PHILADELPHIA, Aug. 1 (RNS)--In 1992, conservative firebrand Pat Buchanan used the Houston Republican Convention to dispatch an army of evangelical Christians in his take-no-prisoners "culture war." In 1996, fresh from the Newt Gingrich-led sweep of Congress, the convention floor in San Diego was a sea of "I Love Newt" signs. Evangelicals again flexed their muscles and refused to surrender the party's anti-abortion platform plank. Bob Dole grudgingly conceded. This year in Philadelphia, Buchanan is gone, Gingrich is gone and the other icons of the formidable religious right--Jerry Falwell, Pat Robertson, Gary Bauer and Alan Keyes--have hardly been seen. It's not that they weren't invited--they were just told not to speak. Worried that the hard-line religious right could hamper Texas Gov. George W. Bush's appeal to the middle, Republican leaders have carefully kept Robertson and Falwell behind the scenes and out of the spotlight. "They have been given the word, `Don't get anywhere near us. You're radioactive,"' said conservative columnist Cal Thomas. Surprisingly, Robertson and Co. have quietly acquiesced. Fueling the strategy on both sides is a relentless hunger to take back the White House. Conservatives feel it is better to sit quietly for now, rather than make a fuss and alienate enough voters to usher in a Gore administration. The dirty-laundry primary battles of the past have largely been avoided this year. The party will leave Philadelphia with a somewhat kinder, gentler platform while conservatives can claim victory for retaining strong language against abortion.
Bush, a political pragmatist, wants to win. Badly. The conservatives also want to win, mostly to have an ally in the Oval Office who can deliver rewards for 20 years of loyalty. In short, Bush needs them as much as they need him. While Bush has talked openly about his Christian faith, he has largely kept the Christian right at arm's length--working with them, but not necessarily embracing them. And while Bush may not be their dream candidate, the religious right has realized such a candidate could probably never get elected. "It's not that these people aren't playing a major role, but now it's behind the scenes and they see themselves as team players rather than opponents or critics," said Professor John Green of the University of Akron, who has studied the religious right. Surveys show at least one-third of the Philadelphia delegates identify themselves as Christian evangelicals, and Green's surveys indicate evangelical voters are supporting Bush three to one over Al Gore. As the base of the Republican Party support, the Christian right is a must-win for Bush. In many ways, Bush owes his nomination to religious conservatives, who voted en masse in the South Carolina primary to squash Sen. John McCain's insurgent campaign. The main objective for Bush now is to be supported by, but not be beholden to, the religious right. And it seems to be working. Green draws a distinction between "traditional" evangelicals of the Jerry Falwell variety and "non-traditional" evangelicals who may share the views but maybe not the zealous fervor.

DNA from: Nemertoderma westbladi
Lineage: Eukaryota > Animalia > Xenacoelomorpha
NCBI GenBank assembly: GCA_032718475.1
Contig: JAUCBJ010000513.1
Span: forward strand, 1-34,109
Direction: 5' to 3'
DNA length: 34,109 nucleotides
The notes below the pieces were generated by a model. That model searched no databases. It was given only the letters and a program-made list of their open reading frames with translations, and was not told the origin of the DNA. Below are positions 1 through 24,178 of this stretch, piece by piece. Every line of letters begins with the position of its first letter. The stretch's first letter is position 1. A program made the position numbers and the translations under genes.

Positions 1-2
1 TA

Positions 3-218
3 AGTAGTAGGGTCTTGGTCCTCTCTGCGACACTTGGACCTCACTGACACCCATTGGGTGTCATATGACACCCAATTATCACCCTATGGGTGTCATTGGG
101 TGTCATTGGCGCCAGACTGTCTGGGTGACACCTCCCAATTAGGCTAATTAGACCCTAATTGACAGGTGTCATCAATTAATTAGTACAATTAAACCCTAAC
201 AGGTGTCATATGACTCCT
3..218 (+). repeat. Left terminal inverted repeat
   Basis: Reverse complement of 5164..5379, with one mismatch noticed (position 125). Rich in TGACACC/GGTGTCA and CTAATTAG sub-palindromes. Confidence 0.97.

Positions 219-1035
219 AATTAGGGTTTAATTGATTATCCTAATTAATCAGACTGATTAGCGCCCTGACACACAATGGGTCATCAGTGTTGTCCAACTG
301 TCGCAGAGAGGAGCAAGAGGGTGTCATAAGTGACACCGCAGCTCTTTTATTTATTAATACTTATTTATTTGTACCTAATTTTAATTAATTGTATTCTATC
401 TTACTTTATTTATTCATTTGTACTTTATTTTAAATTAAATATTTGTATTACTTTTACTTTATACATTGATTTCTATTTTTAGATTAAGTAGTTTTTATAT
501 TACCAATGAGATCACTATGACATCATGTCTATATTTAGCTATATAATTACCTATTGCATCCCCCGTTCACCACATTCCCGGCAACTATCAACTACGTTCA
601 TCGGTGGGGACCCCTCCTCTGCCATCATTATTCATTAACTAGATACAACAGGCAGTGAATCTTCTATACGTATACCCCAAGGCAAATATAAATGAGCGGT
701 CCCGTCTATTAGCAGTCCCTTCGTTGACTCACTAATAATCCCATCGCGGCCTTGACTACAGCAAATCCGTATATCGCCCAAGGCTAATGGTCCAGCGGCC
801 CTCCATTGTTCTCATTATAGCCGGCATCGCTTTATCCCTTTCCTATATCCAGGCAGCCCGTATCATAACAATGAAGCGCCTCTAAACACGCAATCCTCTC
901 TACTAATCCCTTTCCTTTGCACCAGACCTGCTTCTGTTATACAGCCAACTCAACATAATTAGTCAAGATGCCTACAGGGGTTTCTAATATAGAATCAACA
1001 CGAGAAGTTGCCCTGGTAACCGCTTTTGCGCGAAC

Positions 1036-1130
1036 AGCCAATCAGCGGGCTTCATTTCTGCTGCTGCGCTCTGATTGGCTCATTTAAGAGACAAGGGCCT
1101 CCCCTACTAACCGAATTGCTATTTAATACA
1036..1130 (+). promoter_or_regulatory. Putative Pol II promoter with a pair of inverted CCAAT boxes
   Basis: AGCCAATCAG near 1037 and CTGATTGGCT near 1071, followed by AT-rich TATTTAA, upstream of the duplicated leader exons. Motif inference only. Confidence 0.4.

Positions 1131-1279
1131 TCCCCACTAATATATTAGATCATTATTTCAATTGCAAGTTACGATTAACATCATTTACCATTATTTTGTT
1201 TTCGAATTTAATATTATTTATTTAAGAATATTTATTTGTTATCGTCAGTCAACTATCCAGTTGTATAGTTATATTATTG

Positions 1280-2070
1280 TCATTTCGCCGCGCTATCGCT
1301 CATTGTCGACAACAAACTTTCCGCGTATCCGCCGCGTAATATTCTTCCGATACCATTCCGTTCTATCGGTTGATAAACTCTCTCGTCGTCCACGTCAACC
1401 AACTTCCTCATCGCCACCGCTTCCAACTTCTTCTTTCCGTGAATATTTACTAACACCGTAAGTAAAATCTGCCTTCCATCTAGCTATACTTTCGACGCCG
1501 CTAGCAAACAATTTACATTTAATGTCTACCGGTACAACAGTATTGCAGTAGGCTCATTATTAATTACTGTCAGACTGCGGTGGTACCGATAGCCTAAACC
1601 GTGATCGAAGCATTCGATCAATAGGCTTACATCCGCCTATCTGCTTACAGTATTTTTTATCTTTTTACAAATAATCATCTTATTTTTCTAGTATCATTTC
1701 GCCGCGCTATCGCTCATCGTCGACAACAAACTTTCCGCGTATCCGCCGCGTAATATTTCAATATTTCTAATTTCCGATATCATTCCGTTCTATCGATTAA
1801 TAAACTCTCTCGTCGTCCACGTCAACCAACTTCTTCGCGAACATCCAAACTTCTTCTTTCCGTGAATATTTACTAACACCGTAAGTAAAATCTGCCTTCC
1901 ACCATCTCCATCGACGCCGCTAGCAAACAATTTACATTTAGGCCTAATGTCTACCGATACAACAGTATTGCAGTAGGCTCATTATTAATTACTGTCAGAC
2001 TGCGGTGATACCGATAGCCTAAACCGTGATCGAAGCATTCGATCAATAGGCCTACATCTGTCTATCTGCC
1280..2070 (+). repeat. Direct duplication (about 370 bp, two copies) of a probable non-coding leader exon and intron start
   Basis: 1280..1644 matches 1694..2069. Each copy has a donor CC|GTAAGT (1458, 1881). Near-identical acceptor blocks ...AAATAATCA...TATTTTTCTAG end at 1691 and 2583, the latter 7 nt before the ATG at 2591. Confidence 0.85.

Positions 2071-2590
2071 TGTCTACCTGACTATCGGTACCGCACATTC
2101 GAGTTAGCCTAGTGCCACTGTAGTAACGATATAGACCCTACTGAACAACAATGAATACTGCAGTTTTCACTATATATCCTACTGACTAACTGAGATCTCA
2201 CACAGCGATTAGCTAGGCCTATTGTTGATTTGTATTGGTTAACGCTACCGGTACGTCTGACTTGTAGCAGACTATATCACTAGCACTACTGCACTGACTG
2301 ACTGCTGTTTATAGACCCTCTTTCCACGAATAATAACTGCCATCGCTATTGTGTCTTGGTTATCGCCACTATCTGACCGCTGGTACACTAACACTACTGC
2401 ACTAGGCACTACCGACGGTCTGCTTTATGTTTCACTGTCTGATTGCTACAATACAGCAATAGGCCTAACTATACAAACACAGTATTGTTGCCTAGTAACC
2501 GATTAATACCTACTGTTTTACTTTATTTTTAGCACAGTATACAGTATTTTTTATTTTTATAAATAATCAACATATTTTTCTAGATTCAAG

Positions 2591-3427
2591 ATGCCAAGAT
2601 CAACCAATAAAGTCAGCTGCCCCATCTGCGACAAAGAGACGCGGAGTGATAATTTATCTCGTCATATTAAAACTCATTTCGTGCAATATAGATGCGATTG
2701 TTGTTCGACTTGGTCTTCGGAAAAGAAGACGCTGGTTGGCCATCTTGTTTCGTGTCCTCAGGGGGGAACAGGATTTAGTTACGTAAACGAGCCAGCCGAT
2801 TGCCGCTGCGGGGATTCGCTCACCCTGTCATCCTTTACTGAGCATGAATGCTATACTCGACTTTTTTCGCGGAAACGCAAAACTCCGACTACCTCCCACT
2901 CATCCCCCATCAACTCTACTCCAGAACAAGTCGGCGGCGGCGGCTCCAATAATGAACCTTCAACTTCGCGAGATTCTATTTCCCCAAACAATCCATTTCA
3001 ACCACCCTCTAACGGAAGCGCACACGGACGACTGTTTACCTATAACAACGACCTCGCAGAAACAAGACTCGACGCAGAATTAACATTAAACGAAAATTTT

In 1996, Dole carried 74 percent of traditional evangelicals, but actually lost the more moderate evangelicals to Bill Clinton. So far, Bush is already pulling 63 percent of moderate Christians. Falwell, the mighty political kingmaker of the 1980s, said the younger Bush is the first Republican that conservatives have been "energized" about since Ronald Reagan. "George W. Bush is going to activate a lot of apathetic religious conservatives," Falwell said. "Our people sort of went `ho-hum' with Bob Dole. They liked him, but they couldn't get excited about him." Another major factor in this year's convention is the crumbling of Pat Robertson's Christian Coalition. After the 1996 election debacle, the coalition's wonder-boy leader, Ralph Reed, left for a more lucrative career in consulting. Robertson has tried to get the organization back on course, but an Internal Revenue Service ruling stripping the coalition of its tax-exempt status didn't help. At Robertson's patriotic pep rally on Tuesday (Aug. 1), more than 1,000 enthusiastic supporters packed a hotel ballroom and greeted him with hoots and whistles. Borrowing the words of Mark Twain, Robertson said reports of the Christian Coalition's demise have been premature. "I'm amused by reports that say the Christian Coalition and the religious right are dead," Robertson said. "Well, someone ought to go tell the Philadelphia Fire Department that the largest ballroom at the Marriott was full with corpses. My friends, we're just getting started." Evangelical delegates say Robertson's and Falwell's low profiles in Philadelphia do not reflect badly on the movement. Dee Benedict, a former Christian Coalition leader in South Carolina, said evangelicals have become so mature, so sophisticated, that the delegates no longer need a cheerleader. "It's not a place at the table (we're looking for)," Benedict said. "George W. Bush is the table, he's one of us. We've got the table. We just don't need to slam people over the head with it."
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